Since I am, by my genes and by long habit, a worst-case scenario thinker, I have spent a fair bit of my child’s life (beginning when he was still in my belly) worrying about every little thing that could go wrong.
I am trying to do less of this, this refusal to enjoy what’s going well TOO much.
Brené Brown calls it “foreboding joy” and explains it this way: “We’re trying to beat vulnerability to the punch. We don’t want to be blindsided by hurt. We don’t want to be caught off-guard, so we literally practice being devastated.”
At some point in my pregnancy, I stopped looking at the scary chapters in What to Expect. I was pregnant, after all, after finally accepting that I would not ever get pregnant, and I wanted to enjoy it. And I did.
However, the revving up of the school year revs up a particular anxiety for me–how to help my son navigate a world that seems full of peas, peanuts,tree nuts, eggs, dairy products and sesame, all of which he is allergic to, in varying degrees.
All in all, it’ll be fine. I’m meeting with the school nurse tomorrow. I’m checking to make sure his epi pens are not expired. I may write a letter to parents of kids in his class. For me, this has to go in the category of Bad Things That Could Happen to my Kid Which I Need to Prepare for and Then Forget About.
I’m not blase about it, but it doesn’t fill my thoughts every day, so in the realm of Bad Things That Could Happen, it has way less suckitude than other things. I need to stop reminding myself how scary he looked the one time he went into anaphylactic shock. I have to remember to take epi pens with us, and I have to read and re-read labels, but it isn’t constant vigilance.
My friends Beth and Mat, however much they are able to be joyful (and they are, actually, a VERY joyful family, way better at it than my own family), do have to practice constant vigilance because their son Robbie, the same age as my son, has Juvenile Diabetes. Here’s what Beth had to say about it today on Facebook:
I’ve been trying to limit my type 1 diabetes-related posts so that you all don’t get tired of hearing me talk about it. But know that T1D never gets tired of imposing itself on our lives. Every day we take it on and it affects everyone in the family, though obviously Robbie most of all. Just last night we had ice cream before bed and a bit later R’s blood sugar was super high. We went to sleep thinking that maybe the insulin was slow taking effect since we treated him afterwards. Then an hour or so later I woke up with a jolt and realized we’d never actually treated him. We gave him his insulin, but he continued to be high the rest of the night. I invite you to pick a day and pick a child (or yourself) and imagine having to account for every bite of food that enters the body. Imagine trying to calculate how exercise affects the blood sugar – running around a lot? Less than usual? Going swimming? Imagine calculating how excitement or nerves impacts the blood sugar level too. Imagine watching your child as he lives his life, always wondering in the back of your mind if he’s going low, risking a seizure or going high and risking all the scary long term complications. Every day is a new battle. We hang tough and the terrain grows familiar, but we pray for a cure daily. That’s why we support JDRF.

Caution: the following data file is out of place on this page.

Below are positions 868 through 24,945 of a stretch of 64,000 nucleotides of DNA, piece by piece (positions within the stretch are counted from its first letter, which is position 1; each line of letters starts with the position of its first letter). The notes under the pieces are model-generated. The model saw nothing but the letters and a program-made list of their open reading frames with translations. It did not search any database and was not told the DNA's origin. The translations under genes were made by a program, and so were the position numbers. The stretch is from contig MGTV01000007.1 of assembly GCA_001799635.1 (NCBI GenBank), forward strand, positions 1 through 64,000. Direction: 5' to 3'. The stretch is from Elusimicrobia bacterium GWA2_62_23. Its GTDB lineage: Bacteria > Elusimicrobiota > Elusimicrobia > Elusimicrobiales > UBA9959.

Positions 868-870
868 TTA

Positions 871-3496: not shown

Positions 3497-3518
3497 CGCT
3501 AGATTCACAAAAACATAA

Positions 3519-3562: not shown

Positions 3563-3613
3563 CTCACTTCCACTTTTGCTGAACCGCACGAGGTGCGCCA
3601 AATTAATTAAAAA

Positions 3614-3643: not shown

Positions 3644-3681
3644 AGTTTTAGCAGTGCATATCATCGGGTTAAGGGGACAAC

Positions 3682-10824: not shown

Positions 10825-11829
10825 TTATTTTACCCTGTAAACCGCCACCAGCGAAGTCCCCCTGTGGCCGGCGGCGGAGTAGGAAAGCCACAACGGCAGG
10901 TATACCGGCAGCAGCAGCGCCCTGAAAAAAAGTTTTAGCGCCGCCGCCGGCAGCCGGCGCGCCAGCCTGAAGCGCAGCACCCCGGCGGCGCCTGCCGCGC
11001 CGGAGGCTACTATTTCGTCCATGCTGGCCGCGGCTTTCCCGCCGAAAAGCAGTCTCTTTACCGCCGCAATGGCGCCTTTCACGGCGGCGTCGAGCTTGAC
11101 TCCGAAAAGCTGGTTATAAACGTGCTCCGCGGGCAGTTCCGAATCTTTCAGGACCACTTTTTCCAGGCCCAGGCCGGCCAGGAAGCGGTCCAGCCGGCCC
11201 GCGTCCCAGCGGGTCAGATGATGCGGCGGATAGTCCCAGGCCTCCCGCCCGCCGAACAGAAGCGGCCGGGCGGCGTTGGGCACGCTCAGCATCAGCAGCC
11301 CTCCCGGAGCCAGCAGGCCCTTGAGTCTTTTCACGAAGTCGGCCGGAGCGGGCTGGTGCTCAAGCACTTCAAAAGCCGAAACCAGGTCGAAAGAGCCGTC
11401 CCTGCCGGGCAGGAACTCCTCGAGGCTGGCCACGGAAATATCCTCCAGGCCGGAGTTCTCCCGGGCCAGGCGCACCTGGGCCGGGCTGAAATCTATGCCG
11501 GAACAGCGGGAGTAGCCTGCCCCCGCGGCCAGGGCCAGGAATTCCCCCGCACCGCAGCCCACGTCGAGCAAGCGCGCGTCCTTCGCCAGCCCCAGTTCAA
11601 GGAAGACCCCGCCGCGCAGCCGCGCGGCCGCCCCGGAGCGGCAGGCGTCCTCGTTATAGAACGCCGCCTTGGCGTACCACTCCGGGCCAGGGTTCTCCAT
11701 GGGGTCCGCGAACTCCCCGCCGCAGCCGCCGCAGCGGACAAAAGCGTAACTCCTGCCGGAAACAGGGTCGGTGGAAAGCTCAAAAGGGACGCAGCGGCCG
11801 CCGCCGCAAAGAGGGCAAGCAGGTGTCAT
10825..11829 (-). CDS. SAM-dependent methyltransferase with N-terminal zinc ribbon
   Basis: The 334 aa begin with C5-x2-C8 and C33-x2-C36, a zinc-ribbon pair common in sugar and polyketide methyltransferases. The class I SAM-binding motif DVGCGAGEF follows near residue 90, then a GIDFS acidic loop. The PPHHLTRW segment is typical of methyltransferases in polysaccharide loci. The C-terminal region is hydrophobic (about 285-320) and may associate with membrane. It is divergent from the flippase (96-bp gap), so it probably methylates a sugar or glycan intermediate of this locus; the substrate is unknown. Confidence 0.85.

What a life motto: “we hang tough and the terrain grows familiar, but we pray for a cure daily.”
That’s so different from my worst-case-scenario worry-wart-ism. It’s almost its opposite. It’s dealing with reality and still figuring out how to enjoy ice cream when you can.
Look at their amazing boys–
We don’t get to see this great family much any more, but in honor of how awesome they are, and what a great cause this is, I’ve contributed to the Juvenile Diabetes Research Foundation.
You can contribute to, through the Robbie Alliance. I know we can’t all say yes to all the good causes we’d like to contribute to, but I hope you can help this organization, this family, and this really terrific kid.
And also, they have a terrific logo:
This post is partially a thank you and a perk from my Indiegogo campaign, which I called “a shout out on my blog.”
I like to think it would have occurred to me to promote this very good cause even if Beth hadn’t contributed to my fundraiser, but it didn’t occur to me last year, even when I made a contribution to the JDRF. I am so slow sometimes….
All parents have fears and concerns for their children, trust me. After my son was born, I kept having the same reoccurring nightmare that I would wake up and he would be gone from his crib. I would literally wake up screaming and in a total panic that he had died during the night. I have always believed this was my grandmother’s way of making sure I checked on my son every few hours.
My grandmother’s first born child died from SIDS when he was five days old during the middle 1930s. Back then, they had no way of knowing what really happened to him. She passed away in November of 1971 and my son was born in November of 1981. Her first child was born on November 20,.1934 and my son, her first great grandson, was born on November 19, 1981.
I have also had reoccurring episodes of the same dream involving the daughter I miscarried her in 1984, during the last 29 years. It only happens now during times of extreme stress. I wrote a poem about it for Dr. Beckie Flannagan about her when I was taking her Poetry 101 class at FMU many years ago.
Sorry about the novel! Hope and pray that you and Wendell have a healthy, happy, and productive school year.